vumalkarp, thanks for the additional info re the vision-enhanced Da Vinci surgical robot, and the link to Given Imaging. I think vision-enhanced surgical robots make a lot of sense, just as they do in the factory for assembly, fabrication, welding, and stocking jobs.
OTS modules are really reducing developement time. This will really act as a catalyst for innovation as many iterations and solutions are possible. machine vision will soar to new heights in the coming days..!
You've definitely got a point there about OTS machine vision components. They've become much more prevalent since vendors have begun designing them using OTS chips and open-source or open-standards software, such as Windows and Linux. They've also become smaller and cheaper.
might be a prime candidate for integrated machine vision. The vision components would have to be extremely small to fit on a heart-crawling robot like this one, but cameras are getting tinier all the time. And the integration of machine vision with robots is definitely a growing trend on the factory floor. Seeing them in surgery may not be far behind.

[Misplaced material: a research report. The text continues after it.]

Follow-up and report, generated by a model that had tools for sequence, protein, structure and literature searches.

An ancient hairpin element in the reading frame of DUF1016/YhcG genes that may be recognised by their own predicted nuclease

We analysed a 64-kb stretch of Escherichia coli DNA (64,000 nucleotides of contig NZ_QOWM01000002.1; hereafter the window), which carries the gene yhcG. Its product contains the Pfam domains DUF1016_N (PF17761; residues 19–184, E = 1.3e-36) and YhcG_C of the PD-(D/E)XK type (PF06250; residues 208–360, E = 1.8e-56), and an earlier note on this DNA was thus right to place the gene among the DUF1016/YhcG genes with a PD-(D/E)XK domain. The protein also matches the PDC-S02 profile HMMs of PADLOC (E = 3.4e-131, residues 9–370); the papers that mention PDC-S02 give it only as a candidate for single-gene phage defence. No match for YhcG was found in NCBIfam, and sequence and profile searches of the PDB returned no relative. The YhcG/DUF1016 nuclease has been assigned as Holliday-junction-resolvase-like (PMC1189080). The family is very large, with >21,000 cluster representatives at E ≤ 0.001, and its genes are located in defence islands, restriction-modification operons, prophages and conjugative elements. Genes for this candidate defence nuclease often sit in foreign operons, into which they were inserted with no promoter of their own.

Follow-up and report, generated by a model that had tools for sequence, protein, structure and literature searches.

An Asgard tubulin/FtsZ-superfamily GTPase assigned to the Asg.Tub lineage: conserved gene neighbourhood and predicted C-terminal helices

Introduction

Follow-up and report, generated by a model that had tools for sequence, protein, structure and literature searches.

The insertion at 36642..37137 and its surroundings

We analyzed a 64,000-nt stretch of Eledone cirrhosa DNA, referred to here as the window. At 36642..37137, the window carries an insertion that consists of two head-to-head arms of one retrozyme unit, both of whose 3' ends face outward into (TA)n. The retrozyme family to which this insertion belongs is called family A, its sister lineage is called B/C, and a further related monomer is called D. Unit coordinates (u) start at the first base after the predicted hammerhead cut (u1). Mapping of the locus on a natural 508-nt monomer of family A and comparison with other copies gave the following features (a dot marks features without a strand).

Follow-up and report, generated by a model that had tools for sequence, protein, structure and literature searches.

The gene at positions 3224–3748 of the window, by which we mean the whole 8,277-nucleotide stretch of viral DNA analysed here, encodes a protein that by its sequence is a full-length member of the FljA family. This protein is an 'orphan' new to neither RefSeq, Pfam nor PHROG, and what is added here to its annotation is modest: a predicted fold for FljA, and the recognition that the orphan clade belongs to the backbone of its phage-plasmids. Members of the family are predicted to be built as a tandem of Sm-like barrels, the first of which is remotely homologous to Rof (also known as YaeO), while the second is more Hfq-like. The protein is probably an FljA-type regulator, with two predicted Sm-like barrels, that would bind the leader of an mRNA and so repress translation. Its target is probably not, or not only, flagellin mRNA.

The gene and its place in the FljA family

Machine vision is becoming so ubiquitous in so many different types of products that a new organization, the Embedded Vision Alliance, formed recently to help unite some of these far-flung industries and development silos:
Unlike previous vision trade associations, it's not limited either by industry or geography.
Although several of the vision technologies mentioned in the article started in the medical industry, the origin of machine vision in inspection began in electronics. As the electronics content in other industries has risen, the need for more and better inspection has gone up. That's also happened as the need for higher quality of the end product has risen, even when electronics aren't a major part of the end product, such as consumer food containers.
Machine vision has come a long way in both quality and price. With off the shelf components and Windows based software, the abiilty to include vision on most products as a quality check has never been more accessible.
Fifty-six-year-old Pasquale Russo has been doing metalwork for more than 30 years in a tiny southern Italy village. Many craftsmen like him brought with them fabrication skills when they came from the Old World to America.
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